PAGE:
Michael Lewis, the author of Liar’s Poker, delivers a blow by blow account of the final days of the subprime bubble, from the viewpoint of some people who not only predicted the collapse but managed to profit from it by shorting subprime derivatives. (via Tim Bray.)
Some of Lewis’s observations:
- He mentions the central role played by the bond rating agencies, who screwed up in a big way. Amoung other things Standard & Poors apparently relied on a computer model that did not take into account the possibilty that home prices might fall. Most of the institutional safeguards intended to keep something like this from happening relied on these agencies to give reliable ratings. Some sort of reform is probably needed to address the conflicts of interest that they face.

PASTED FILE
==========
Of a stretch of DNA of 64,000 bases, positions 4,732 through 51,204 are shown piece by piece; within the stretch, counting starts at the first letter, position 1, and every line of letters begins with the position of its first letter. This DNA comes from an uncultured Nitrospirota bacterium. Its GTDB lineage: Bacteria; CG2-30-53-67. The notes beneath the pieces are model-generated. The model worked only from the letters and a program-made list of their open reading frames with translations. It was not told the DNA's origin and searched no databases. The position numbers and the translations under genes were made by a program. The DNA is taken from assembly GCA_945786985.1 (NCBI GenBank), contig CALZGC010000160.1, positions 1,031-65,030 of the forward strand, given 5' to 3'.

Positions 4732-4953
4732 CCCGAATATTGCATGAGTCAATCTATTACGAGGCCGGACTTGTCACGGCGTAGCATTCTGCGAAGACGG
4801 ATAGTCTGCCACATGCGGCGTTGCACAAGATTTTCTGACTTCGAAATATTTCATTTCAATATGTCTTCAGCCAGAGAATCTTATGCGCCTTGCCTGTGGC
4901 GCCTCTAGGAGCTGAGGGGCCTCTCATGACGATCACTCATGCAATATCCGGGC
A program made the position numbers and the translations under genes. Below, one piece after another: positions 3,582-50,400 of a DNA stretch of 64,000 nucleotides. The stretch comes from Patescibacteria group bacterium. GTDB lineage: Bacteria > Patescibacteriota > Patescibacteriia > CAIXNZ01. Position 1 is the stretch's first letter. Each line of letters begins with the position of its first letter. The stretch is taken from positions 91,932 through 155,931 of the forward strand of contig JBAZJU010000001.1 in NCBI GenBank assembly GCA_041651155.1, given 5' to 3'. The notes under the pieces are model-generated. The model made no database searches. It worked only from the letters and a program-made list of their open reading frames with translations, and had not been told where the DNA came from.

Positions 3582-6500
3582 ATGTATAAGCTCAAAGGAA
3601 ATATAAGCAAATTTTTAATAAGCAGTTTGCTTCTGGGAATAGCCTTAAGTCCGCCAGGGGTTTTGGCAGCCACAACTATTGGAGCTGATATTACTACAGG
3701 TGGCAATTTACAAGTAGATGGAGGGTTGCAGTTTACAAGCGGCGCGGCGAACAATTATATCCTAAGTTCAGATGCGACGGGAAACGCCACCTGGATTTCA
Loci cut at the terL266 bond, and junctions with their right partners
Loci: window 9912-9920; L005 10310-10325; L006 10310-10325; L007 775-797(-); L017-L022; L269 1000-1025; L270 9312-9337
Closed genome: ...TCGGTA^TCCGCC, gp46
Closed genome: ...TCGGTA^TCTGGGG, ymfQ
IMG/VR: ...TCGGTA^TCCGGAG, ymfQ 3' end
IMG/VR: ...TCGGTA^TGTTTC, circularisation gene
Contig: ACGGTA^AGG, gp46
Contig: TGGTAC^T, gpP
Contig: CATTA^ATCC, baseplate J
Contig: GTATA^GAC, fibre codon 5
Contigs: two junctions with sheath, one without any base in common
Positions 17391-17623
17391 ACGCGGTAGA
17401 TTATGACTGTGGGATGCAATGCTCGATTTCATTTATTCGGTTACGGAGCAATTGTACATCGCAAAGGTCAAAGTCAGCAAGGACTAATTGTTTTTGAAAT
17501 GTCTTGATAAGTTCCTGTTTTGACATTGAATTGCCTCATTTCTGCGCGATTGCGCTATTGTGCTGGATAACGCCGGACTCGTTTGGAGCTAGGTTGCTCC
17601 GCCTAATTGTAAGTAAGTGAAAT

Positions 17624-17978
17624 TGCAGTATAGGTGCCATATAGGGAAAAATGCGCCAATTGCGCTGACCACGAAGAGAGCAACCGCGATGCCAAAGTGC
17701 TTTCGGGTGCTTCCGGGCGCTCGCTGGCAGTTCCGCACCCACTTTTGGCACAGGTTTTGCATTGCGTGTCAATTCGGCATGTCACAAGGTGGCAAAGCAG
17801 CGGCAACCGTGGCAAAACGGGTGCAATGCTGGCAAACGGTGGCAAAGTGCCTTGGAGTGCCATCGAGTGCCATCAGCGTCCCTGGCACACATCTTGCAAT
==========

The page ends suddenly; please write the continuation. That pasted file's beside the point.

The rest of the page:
- He thinks the problem really started when investment banks first switched from partnerships to public corporations. A partner is personally liable for the firm’s debts and thus has strong incentives to make sure that it doesn’t take on insane levels of risk. A corporate executive knows that it’s the stockholders who bear the risk, and thus will be tempted to take big risks in order to earn big bonuses.